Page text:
American society's effect on North American corn
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MON 863 - Wikipedia, the free encyclopedia

MON 863 is a genetically engineered variety of maize produced by Monsanto.

In 2004 Monsanto sought approval in Europe to introduce MON 863. Approval was granted in 2005 for use in feed[1] and in 2006 for use in food.[2] There was controversy over acceptance by regulatory bodies of industry-funded toxicity studies and over the design of those studies led by Pr Gilles Eric Séralini, who was on the committee that reviewed MON863 for the French government,[3]

See Genetically modified food controversies for details of this controversy, which extended beyond MON 863.

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Maize - Wikipedia, the free encyclopedia

Maize (pron.: /ˈmz/ MAYZ; Zea mays subsp. mays L, from Spanish: maíz after Taíno mahiz), known in some English-speaking countries as corn, is a large grain plant domesticated by indigenous peoples in Mesoamerica in prehistoric times. The leafy stalk produces ears which contain the grain, which are seeds called kernels. Maize kernels are used in cooking as a starch. The Olmec and Mayans cultivated it in numerous varieties throughout Mesoamerica, cooked, ground or processed through nixtamalization. Beginning about 2500 BC, the crop spread through much of the Americas.[1] The region developed a trade network based on surplus and varieties of maize crops. After European contact with the Americas in the late 15th and early 16th centuries, explorers and traders carried maize back to Europe and introduced it to other countries. Maize spread to the rest of the world because of its ability to grow in diverse climates. Sugar-rich varieties called sweet corn are usually grown for human consumption, while field corn varieties are used for animal feed and as chemical feedstocks.

Maize is the most widely grown grain crop throughout the Americas,[2] with 332 million metric tons grown annually in the United States alone. Approximately 40% of the crop — 130 million tons — is used for corn ethanol.[3]Transgenic maize (genetically modified corn) made up 85% of the maize planted in the United States in 2009.[4]

The word maize derives from the Spanish form of the indigenous Taíno word for the plant, maiz.[5] It is known by other names around the world.

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Origin of corn

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Seminis | Professional Growers Sweet Corn

Seminis | Professional Growers Sweet Corn | American society's effect on North American corn | Scoop.it
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This is what is available from Monsanto in north america now

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MON 810 - Wikipedia, the free encyclopedia

The MON 810 corn is a genetically modified maize used around the world. It is a Zea mays line known as YieldGard from the company Monsanto.[1] This plant is a genetically modified organism (GMO) designed to combat crop loss due to insects. There is an inserted gene in the DNA of MON810 which allows the plant to make a protein that harms insects that try to eat it. The inserted gene is from the Bacillus thuringiensis which produces the Bt toxin that is poisonous to insects in the Lepidoptera order, including the European Corn Borer.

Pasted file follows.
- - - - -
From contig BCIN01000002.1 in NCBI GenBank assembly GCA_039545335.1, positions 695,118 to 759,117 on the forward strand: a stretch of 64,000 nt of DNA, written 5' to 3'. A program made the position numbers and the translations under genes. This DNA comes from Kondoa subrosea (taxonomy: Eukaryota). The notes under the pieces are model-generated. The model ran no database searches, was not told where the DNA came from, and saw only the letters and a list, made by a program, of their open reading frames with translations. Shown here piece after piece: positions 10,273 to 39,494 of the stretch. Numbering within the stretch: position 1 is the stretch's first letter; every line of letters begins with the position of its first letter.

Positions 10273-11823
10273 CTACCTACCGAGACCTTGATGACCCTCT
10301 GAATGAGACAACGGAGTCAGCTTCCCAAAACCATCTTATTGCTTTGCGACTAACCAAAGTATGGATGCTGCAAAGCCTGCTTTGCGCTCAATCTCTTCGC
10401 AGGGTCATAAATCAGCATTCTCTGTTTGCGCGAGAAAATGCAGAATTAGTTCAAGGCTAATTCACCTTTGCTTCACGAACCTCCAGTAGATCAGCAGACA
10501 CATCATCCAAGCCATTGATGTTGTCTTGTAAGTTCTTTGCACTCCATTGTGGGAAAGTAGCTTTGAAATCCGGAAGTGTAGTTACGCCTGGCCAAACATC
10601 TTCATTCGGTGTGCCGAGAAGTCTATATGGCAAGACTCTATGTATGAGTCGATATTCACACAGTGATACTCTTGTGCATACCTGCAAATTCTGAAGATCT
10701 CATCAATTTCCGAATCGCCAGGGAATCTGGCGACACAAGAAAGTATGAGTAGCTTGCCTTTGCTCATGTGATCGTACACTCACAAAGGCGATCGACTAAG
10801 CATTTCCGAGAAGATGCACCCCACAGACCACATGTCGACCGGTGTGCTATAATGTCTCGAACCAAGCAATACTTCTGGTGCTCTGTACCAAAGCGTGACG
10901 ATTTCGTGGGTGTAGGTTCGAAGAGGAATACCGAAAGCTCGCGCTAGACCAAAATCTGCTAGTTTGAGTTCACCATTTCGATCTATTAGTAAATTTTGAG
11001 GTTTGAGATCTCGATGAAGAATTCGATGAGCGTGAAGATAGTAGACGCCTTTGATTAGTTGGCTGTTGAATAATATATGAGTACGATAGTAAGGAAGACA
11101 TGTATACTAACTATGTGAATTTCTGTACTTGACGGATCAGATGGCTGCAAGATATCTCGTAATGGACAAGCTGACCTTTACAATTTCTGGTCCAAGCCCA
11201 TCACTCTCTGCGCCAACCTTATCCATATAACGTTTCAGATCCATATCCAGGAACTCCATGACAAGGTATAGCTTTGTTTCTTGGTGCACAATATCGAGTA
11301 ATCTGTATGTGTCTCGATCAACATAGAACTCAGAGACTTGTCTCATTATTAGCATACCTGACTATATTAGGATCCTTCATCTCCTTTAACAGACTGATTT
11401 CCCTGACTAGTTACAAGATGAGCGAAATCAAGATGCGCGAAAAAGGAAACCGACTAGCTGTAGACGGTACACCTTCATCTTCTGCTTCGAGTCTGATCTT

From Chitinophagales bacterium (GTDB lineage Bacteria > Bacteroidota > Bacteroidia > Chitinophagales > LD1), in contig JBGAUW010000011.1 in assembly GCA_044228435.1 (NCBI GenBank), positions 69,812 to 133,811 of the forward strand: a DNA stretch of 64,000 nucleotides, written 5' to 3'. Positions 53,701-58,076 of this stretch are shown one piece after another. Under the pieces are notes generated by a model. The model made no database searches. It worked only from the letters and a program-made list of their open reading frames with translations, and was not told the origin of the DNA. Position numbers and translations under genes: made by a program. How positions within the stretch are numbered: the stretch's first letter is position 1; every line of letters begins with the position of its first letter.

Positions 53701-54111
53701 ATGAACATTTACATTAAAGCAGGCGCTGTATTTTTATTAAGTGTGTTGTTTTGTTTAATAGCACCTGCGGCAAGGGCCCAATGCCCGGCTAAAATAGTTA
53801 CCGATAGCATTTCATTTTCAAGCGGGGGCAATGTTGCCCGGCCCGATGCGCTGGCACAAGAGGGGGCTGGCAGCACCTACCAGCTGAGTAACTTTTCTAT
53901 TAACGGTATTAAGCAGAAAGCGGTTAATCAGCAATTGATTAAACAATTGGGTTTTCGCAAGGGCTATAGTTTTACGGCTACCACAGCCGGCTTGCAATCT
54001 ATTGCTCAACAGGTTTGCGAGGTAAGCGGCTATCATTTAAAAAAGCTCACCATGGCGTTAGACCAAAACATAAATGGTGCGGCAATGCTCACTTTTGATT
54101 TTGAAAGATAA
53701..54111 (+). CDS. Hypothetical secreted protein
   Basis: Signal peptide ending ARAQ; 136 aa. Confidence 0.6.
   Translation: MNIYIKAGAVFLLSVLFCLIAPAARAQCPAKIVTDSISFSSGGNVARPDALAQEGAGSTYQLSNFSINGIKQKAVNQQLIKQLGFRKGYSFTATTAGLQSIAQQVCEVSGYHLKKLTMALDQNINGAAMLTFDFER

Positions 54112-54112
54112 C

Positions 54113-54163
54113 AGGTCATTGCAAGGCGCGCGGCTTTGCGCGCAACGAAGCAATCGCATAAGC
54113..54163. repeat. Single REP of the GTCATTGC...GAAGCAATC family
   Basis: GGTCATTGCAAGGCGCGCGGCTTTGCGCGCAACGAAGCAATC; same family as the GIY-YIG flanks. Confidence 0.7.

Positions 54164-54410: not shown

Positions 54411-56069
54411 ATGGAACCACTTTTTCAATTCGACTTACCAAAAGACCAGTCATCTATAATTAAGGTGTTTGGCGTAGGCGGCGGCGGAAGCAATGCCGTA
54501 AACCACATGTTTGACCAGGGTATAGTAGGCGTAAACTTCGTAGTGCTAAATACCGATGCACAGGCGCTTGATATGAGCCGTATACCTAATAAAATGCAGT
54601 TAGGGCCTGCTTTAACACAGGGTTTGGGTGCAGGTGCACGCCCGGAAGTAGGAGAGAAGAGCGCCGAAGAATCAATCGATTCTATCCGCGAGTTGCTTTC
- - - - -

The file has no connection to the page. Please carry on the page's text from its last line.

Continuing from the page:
These genetically modified plants with Bt toxin are grown on a large scale around the world.[2] Monsanto’s corn line MON810 is produced by ballistically transforming another corn line with a plasmid, PV-ZMCT01.[3] This plasmid has a cauliflower mosaic virus 35S promoter and hsp70 maize intron sequences which drive the expression of the Cry1Ab gene. The gene then codes for delta endotoxins (Cry proteins) which are toxins that are very potent and provoke lesions in the cell membrane causing cell death[4] These produced Bt toxins bind to certain localized sites on the epithelium of the midgut of insects.[1] Proteins need specific receptors on cells in order to form the Cry proteins and become toxic, which is why the toxins are specific for the order Lepidoptera.[5] The receptors are important for binding the toxic protein and starting the signal cascade, however, after that, we don’t know a lot about how these toxins work.[6]

MON810’s transgene structure differs from the original plasmid constructed for the safety assessment for Monsanto[1] and has changed compared to the naturally occurring (non-active) Cry1Ab protein.[7] Gilles-Eric Seralini and colleagues (2007 & 2009) re-analyzed Monsanto data for MON810 (which was made available following a demand for public availability of the data, and a court case) and found that it had caused liver, kidney, and heart damage in rats.[8][9] However, the European Food Safety Authority (EFSA) reviewed this re-analysis and concluded that the differences observed were within a normal range for control rats and deemed the statistical methods used inappropriate.[10]

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Modern corn 1

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Monsanto | Corn Seeds

Monsanto | Corn Seeds | American society's effect on North American corn | Scoop.it
Genuity corn traits include Genuity SmartStax, Genuity VT Triple PRO and Genuity VT Double PRO.
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